On the occasion of World Women’s Day, I do not want to talk about the still alarmingly low number of women in management positions or as founders, but I want to speak out in favor of the topic of diversity in teams.
Learning from each other
Whether through the social imprint of a different gender, a foreign cultural or religious background or a completely different mindset and skill set – every person thinks, acts and reacts differently. Unfortunately, according to a study conducted by the Hay Group in 2014, managers tend to select candidates with a similar profile, presumably to make the behavior and working methods of a new employee more predictable for them. Diversity is definitely a challenge for a team, but even more so an asset. Every employee can broaden his or her horizon, reflect on himself or herself and question existing attitudes and patterns by working with other types of behavior.
Encourage creativity and innovation
For the further development of a company, the ideas of its own employees and internal innovation are essential. The more diverse the teams are, the more diverse the input to further develop the corporate strategy, the product or service portfolio and the company as an organizational unit. According to a study by the Federal Ministry of Education and Research from 2016, this potential can only be tapped if differences are taken into account and used in a targeted manner.
Meeting employee expectations
In a study by Hays in 2019, companies cited attractiveness as an employer as the most important success factor in the battle for skilled workers. According to a study by Egon Zehder from 2019, the Millennium once again named diversity as the most important selection criterion for their future employer. In times of demographic change, diversity must therefore become the focus of HR and managers in order to continue to acquire suitable talent and retain it over the long term.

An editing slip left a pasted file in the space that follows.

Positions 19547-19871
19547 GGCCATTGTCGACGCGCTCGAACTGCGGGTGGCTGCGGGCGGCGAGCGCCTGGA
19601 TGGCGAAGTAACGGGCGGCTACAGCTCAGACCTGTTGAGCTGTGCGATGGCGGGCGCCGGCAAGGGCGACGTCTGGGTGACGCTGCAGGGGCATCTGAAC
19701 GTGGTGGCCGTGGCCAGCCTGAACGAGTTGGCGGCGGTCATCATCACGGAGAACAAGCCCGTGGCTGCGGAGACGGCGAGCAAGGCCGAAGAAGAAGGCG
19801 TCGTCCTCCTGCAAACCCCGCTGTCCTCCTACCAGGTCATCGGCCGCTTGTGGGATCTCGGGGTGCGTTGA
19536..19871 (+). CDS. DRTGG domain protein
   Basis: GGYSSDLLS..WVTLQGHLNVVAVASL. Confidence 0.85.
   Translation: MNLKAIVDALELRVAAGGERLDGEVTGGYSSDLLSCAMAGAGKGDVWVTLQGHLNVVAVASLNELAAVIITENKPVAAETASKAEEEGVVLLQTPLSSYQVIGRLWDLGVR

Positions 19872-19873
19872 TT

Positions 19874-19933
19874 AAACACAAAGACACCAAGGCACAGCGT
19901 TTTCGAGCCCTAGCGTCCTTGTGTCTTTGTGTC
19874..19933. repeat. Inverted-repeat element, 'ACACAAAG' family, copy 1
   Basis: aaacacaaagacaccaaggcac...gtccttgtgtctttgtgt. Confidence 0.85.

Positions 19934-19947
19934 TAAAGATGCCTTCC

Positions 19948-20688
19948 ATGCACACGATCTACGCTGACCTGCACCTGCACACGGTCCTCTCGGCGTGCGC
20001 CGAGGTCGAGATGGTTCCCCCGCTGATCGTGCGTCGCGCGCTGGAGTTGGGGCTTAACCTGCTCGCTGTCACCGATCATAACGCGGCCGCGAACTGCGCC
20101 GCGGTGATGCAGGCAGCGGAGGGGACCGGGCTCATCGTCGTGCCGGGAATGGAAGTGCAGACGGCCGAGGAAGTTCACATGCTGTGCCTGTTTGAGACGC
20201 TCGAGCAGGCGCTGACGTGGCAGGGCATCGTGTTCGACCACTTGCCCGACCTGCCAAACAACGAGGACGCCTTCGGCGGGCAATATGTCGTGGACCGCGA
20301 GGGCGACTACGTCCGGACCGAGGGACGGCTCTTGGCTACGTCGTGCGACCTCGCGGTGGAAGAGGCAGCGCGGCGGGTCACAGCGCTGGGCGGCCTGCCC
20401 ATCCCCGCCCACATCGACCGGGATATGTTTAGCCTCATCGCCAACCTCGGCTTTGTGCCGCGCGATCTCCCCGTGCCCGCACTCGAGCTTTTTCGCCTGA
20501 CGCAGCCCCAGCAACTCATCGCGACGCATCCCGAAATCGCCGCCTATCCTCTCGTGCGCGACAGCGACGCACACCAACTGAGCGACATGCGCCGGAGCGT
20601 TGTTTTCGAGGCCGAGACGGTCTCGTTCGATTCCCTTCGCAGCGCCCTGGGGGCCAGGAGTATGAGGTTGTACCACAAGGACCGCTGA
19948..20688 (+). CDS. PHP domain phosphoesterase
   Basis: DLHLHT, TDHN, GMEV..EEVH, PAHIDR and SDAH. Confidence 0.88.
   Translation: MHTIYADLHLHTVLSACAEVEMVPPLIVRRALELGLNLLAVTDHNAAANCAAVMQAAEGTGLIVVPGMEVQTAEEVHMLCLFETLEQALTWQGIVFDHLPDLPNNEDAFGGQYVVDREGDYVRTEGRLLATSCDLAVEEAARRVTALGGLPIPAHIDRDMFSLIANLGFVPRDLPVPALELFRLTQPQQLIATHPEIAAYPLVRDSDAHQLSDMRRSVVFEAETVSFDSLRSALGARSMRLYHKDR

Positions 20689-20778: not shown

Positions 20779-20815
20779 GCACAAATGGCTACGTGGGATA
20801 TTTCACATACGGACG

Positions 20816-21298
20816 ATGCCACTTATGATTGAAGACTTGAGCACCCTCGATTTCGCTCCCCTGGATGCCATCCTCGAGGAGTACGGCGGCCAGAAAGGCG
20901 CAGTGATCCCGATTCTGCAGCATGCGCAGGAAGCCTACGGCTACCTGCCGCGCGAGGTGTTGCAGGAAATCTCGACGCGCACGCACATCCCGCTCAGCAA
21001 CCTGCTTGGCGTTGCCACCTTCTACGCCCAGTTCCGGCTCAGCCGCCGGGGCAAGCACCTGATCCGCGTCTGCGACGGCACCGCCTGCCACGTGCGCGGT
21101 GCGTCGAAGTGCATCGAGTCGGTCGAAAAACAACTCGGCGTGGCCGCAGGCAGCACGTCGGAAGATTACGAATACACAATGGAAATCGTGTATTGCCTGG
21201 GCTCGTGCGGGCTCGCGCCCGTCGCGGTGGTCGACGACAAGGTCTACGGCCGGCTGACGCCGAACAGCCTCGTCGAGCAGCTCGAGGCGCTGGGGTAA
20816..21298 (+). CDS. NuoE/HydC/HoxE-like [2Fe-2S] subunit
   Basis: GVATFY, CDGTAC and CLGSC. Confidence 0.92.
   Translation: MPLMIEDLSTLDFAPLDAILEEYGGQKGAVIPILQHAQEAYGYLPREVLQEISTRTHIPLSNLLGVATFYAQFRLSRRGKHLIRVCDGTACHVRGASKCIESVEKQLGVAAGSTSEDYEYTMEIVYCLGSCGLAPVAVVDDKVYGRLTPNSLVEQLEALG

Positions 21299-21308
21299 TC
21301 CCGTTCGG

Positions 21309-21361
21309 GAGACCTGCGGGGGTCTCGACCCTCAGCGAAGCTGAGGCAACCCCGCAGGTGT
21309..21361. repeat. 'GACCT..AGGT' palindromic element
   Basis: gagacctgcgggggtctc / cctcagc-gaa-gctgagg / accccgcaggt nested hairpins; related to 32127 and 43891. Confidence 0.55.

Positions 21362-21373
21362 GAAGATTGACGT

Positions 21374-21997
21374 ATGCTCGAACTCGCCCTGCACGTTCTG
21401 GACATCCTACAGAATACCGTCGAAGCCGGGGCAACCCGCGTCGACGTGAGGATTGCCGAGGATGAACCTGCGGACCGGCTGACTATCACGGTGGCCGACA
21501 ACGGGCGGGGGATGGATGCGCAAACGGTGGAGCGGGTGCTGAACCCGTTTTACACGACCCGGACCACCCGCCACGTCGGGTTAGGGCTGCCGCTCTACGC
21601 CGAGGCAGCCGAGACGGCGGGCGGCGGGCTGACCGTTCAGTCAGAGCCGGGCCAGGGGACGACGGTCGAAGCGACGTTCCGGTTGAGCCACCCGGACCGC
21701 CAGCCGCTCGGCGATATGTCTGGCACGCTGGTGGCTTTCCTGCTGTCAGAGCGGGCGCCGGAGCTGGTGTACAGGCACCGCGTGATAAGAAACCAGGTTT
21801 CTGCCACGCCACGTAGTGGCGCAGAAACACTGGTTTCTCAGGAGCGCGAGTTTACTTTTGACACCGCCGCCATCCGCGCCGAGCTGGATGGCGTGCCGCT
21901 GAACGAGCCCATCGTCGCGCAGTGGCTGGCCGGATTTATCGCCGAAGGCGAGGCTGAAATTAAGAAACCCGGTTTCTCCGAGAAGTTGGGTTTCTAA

The challenge of heterogeneous teams is to create interlocking work routines. This can only be achieved by creating a common basis of trust, open and respectful communication and a clear division of responsibilities. The basis for this is provided by an appropriate corporate culture. A company’s incentive system is a decisive key factor in shaping this culture. In addition, standards of conduct should be introduced, these should be integrated into the hiring process and managers should be trained accordingly. Correctly implemented team building activities and coaching can significantly support teams in overcoming this challenge. The result is the promotion of trust and the internalization of corporate identity.
Angelika Vits | Co-Founder & CEO at GREWP